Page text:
You will recall, no doubt, the tragedy that was our last visit to London in 2000, me with a badly sprained ankle from our Cotswolds journey. Riding the tourist buses back and forth through town. Limping through the British Museum. Jack's dream of visiting the Tower of London deferred. The flaming Greek cheese, which was pretty much the highlight of the whole thing. And the really bad Chinese liquor.
This time was going to be different. We were both in reasonably good health for once. This time we were going to walk till our feet were bloody stumps and come home hobbled. On purpose!
Jack and I have different approaches to traveling: he likes to come up with a list of things to do and see, of which we actually get to some percentage. I'm happy to go just about anywhere and look at anything, so it doesn't really matter if I'm in a museum or in a litter-strewn sidestreet. (He is, too, but likes to have a more defined structure beforehand. Usually we'll go to see something famous and then see that the line is too long and decide to head for the nearest litter-strewn sidestreet.) He asked me what I want to do before we left and I said "eel pie!" That was it. I read about them several years ago in a Washington Post travel article. I just wanted an eel pie. Upon further research I discovered that the eel pie place had closed since the article was written so I had nothing.
We got cheap tickets from Ryanair, meaning we were flying out of Brussels Charleroi airport for the first time. Our flight was very early so we hopped on the bus at the Brussels train station for the 45-minute trip and got to the airport before dawn (which is no great feat in January).
Charleroi airport is known for being up until recently the exclusive domain of Ryanair, the granddaddy of cheap European carriers. It's dingy and small and not anywhere you'd want to spend much time--more like a bus station than an airport. There was a cafe at one end and we managed to get an decent cup of coffee there to wake us out of our morning fog since the check-in counter wasn't yet open. The guy operating the coffee machine was also working the cash register, so he'd serve a handful of people and then go around to the other side of the U and ring up the same handful of people, waiting impatiently to complete their transaction.
After we checked in I bought some snack mix at the small shop they had there, which is hands down the nicest space in the building. The woman who sold it to me asked me what my destination was. I forgot that "London" was a different word in French (Londres), so I just said "London" with a French accent which caused her to switch to English. I'll never get the hang of this crazy language.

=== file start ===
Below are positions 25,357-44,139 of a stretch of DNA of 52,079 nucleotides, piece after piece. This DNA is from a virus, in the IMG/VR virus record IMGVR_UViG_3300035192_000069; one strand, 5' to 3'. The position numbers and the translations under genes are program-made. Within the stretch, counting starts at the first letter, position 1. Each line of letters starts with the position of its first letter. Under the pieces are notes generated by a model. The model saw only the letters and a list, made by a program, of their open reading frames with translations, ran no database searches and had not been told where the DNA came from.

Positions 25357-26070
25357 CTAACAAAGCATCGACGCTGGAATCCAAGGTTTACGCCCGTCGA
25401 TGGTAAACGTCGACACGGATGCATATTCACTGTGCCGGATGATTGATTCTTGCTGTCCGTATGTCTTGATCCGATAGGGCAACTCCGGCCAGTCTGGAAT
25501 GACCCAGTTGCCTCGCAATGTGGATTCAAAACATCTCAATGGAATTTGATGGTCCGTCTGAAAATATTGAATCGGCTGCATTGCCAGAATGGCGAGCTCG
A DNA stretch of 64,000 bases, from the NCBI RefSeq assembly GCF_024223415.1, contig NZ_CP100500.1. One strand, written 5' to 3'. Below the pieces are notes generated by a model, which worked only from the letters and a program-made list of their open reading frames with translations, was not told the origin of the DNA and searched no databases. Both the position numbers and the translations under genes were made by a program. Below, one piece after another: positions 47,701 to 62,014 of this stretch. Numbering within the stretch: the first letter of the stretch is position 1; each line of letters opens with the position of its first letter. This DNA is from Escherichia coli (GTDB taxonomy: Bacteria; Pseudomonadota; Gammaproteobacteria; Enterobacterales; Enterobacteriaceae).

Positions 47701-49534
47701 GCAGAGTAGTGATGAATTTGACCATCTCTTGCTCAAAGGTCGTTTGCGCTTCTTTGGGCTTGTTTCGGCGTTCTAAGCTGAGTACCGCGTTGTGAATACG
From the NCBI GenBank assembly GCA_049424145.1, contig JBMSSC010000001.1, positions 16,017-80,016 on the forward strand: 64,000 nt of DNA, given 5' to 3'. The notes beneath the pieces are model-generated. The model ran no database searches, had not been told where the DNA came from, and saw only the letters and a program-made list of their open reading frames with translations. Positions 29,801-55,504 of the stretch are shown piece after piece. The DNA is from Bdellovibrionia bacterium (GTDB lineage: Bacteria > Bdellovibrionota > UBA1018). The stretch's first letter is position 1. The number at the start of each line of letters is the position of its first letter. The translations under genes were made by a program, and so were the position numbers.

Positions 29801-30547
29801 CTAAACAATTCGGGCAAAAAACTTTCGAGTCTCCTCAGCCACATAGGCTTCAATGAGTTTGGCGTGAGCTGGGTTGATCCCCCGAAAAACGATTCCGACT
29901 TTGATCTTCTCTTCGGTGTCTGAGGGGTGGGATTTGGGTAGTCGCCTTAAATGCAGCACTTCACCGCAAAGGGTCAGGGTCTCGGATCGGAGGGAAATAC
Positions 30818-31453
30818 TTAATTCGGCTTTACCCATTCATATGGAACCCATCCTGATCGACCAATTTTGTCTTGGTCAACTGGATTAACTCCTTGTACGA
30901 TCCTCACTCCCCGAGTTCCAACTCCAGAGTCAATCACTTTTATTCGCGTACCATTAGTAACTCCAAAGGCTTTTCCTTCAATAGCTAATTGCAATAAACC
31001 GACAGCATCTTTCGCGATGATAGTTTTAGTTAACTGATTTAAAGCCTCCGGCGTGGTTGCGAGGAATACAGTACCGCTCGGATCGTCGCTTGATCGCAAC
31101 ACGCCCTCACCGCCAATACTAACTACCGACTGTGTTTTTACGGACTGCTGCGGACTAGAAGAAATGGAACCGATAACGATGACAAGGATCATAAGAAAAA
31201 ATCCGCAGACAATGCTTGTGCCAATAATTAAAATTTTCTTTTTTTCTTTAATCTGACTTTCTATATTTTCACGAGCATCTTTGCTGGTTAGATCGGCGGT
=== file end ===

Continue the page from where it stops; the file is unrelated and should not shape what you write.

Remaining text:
Upon arrival at Stansted, which was much bigger and cleaner than our departure airport, and which had the most powerful hand dryers known to man, we got on the train to the center of town. We were delayed by some track issue halfway through our journey (I found the announcer more difficult to understand than the ones speaking French on the Belgian rail due to a combination of his accent and the crappy PA system), and in the interval Jack saw an Asian mini-deer flit by in the adjoining marshland. Apparently they're taking over the island and pushing out native species while eating everything in sight. But by god if they aren't the cutest things.
Even with the time change in our favor, it was nearly lunchtime by the time we got into Liverpool station (our flight was also late leaving). We took our time wending our way through the financial district to our selected lunch spot, and we got there at a reasonable time but early enough to avoid the rush.
The restaurant was located down a back alley and was staffed entirely by elderly women. One asked us if we had a reservation and then told us to sit anywhere we liked. We chose a spot that was like a booth cut in half--a wall on one side and three seats facing a wooden divider. Another elderly woman brought us beers. Jack ordered the "chump chop". The waitress asked, "Would you like a side of sausage with that?" Jack readily agreed. How could he pass up a side of sausage? Jack's chosen vegetable was (British) chips. I had a "beef and real ale pie" with pickled red cabbage. The food was just so-so, but the ambiance was lovely. The place began to fill up with hearty laughers and nearly-identical young men in fancy suits. The last unoccupied seat was the one next to Jack, and eventually it was taken by a cheery man who enjoyed visiting every few weeks. He also got the side of sausage, and told us that the people who frequented the establishment were all in the insurance business.
By the time we excused ourselves from our table the place was filled with those waiting for space, and more smoking in the alley outside. It seemed like they were all ready to get their Friday on even at this early hour. Their carbon-copy appearance was really quite disturbing. The only difference seemed to be the hues of their outrageously-colored ties.